March Madness in Corporate Bonds

| Credit

Written by:
Iseult E.A. Conlin, CFA, U.S. Institutional Credit Product Manager, Tradeweb

Data Analysis by:
Carol Luk, U.S. Institutional Credit Data Strategist, Tradeweb

Electronically linking Spotting and Hedging is Now Essential

March is known for its madness. But I think we can all agree—this year’s madness belonged to something other than college basketball. Volatility in financial markets may feel like a distant memory and it is easy to overlook short periods of extreme price dislocation when the S&P 500 is back to flat on the year and liquidity seems to have normalized. But there is one critical thing from March that stuck out for me – never in my time as a bond trader did I experience such a crisis of spotting, or the flip side of that, hedging.

It is more apparent than ever that linking corporate bond pricing electronically to the actual hedge reference price is a requirement. These purely operational tasks that happen at the very end of a trade – be it an electronic execution or manual/voice trade -- determine the final corporate bond price and remove unnecessary interest rate risk exposure. More importantly, spotting and hedging must occur to complete the bond trade. So what happens when these vital operational tasks can’t occur? Well, certainty of execution of all corporate bond trades is called into question and ultimately end investors pay the cost. But it really doesn’t have to work that way. 

Spotting is to a Client as Hedging is to a Dealer

Let’s set the scene here–spread trading, in which a spread is quoted above the corresponding benchmark government bond yield, is a conventional form of transacting in investment grade credit markets. Spotting is a process of “snapshotting” the price of the US Treasury benchmark to calculate the final price of the corporate bond. Simultaneously, a dealer will hedge out the interest rate exposure of the corporate trade they just did by buying/selling the corresponding US Treasury benchmark bond. While it is not exclusive that buy-side traders are always spotting whereas dealers are always hedging, it is this workflow that predominates in the marketplace.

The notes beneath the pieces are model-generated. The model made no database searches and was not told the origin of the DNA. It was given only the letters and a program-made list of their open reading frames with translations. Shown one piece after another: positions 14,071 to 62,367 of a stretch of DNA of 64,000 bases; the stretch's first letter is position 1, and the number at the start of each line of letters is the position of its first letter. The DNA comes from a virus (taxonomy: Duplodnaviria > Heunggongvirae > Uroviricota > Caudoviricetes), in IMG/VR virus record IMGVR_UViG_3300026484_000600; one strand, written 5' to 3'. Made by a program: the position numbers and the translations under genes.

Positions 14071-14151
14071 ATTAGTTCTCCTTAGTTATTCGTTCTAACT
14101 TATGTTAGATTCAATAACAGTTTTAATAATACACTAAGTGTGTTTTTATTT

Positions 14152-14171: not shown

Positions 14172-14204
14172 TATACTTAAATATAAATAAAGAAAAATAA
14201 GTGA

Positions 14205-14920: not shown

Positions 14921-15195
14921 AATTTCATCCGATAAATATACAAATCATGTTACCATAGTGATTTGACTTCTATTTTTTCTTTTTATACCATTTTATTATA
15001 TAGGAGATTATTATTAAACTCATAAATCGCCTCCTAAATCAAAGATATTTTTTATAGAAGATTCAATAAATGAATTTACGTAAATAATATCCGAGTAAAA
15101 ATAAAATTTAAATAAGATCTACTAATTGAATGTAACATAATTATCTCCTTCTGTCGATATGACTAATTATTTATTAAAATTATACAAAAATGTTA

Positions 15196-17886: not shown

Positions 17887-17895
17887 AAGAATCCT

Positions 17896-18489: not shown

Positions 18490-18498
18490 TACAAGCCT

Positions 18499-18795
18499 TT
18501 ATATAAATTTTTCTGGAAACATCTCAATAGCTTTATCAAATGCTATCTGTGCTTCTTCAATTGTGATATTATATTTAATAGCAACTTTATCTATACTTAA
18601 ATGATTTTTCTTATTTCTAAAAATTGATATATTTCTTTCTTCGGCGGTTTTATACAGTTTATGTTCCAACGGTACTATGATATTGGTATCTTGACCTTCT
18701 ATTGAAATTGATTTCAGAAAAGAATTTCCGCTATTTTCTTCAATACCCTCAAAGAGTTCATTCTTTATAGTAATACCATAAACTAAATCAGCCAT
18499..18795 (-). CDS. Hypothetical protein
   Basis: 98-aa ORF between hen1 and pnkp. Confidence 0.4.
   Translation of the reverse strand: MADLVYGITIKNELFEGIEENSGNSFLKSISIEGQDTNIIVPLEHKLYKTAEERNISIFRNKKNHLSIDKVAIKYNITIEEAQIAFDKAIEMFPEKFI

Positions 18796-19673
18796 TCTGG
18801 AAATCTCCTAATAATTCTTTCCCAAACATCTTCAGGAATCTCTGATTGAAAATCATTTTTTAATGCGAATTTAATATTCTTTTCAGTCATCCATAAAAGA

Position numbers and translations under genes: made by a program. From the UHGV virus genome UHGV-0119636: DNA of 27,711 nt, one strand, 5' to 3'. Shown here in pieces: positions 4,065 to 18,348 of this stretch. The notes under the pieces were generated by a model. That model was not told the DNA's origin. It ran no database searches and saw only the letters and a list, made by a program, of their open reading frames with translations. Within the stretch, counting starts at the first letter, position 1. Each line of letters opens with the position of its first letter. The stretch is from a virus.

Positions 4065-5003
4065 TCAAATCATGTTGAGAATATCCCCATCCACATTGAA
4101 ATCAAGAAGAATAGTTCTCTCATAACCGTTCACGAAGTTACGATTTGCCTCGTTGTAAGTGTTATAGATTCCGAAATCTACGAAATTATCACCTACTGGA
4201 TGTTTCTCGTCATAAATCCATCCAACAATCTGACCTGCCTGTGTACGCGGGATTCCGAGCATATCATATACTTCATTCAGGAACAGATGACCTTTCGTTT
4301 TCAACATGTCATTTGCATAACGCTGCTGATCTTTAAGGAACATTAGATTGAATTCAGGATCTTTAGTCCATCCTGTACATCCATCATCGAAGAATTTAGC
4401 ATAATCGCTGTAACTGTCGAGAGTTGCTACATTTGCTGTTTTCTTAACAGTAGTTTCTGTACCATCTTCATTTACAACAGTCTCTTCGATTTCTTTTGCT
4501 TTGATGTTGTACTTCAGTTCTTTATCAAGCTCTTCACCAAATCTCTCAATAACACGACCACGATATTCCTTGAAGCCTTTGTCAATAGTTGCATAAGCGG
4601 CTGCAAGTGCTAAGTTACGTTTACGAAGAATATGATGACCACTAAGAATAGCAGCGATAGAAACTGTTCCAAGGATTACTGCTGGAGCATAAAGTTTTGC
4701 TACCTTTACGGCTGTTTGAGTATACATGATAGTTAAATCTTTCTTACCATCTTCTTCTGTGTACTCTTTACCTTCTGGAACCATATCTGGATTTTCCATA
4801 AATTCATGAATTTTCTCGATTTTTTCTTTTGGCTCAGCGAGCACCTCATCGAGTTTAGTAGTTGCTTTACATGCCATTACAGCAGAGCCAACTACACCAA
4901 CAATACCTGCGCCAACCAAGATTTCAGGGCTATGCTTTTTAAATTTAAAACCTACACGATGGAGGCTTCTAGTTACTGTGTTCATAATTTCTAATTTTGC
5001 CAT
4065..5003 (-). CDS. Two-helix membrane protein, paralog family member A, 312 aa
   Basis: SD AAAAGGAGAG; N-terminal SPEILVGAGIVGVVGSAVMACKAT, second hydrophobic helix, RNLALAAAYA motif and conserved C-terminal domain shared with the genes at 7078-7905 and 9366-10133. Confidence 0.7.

The Madness in March

In March, the U.S. Treasury market dislocated significantly. Buying and selling of US Treasuries could get done, but the level and time of execution were far less certain. This liquidity crunch in the most liquid, safest, risk-free asset in the global economy had a ripple effect. All of the sudden it became jarringly difficult to fully price a corporate bond trade. If you can’t trade Treasury bonds -- the bedrock of all types of interest rates and yields in the global economy -- you can’t derive the price of any corporate bond. Imagine then the impact on the marketplace for the thousands of bond traders attempting to spot and/or hedge every trade.

Devil is in the Details

We decided to quantify the impact of this dislocation on hedging and spotting to determine the costs investors absorbed as a result.

To do this we ran tick data (300,000+ data points) for each Treasury benchmark between 2:58 PM and 3:03 PM from February to April in 2020. We used 3 PM as the timing source because it’s the standard time for spotting corporate trades given index pricing marks. What we found is astonishing and concerning for any corporate bond market that doesn’t link electronic spotting and hedging.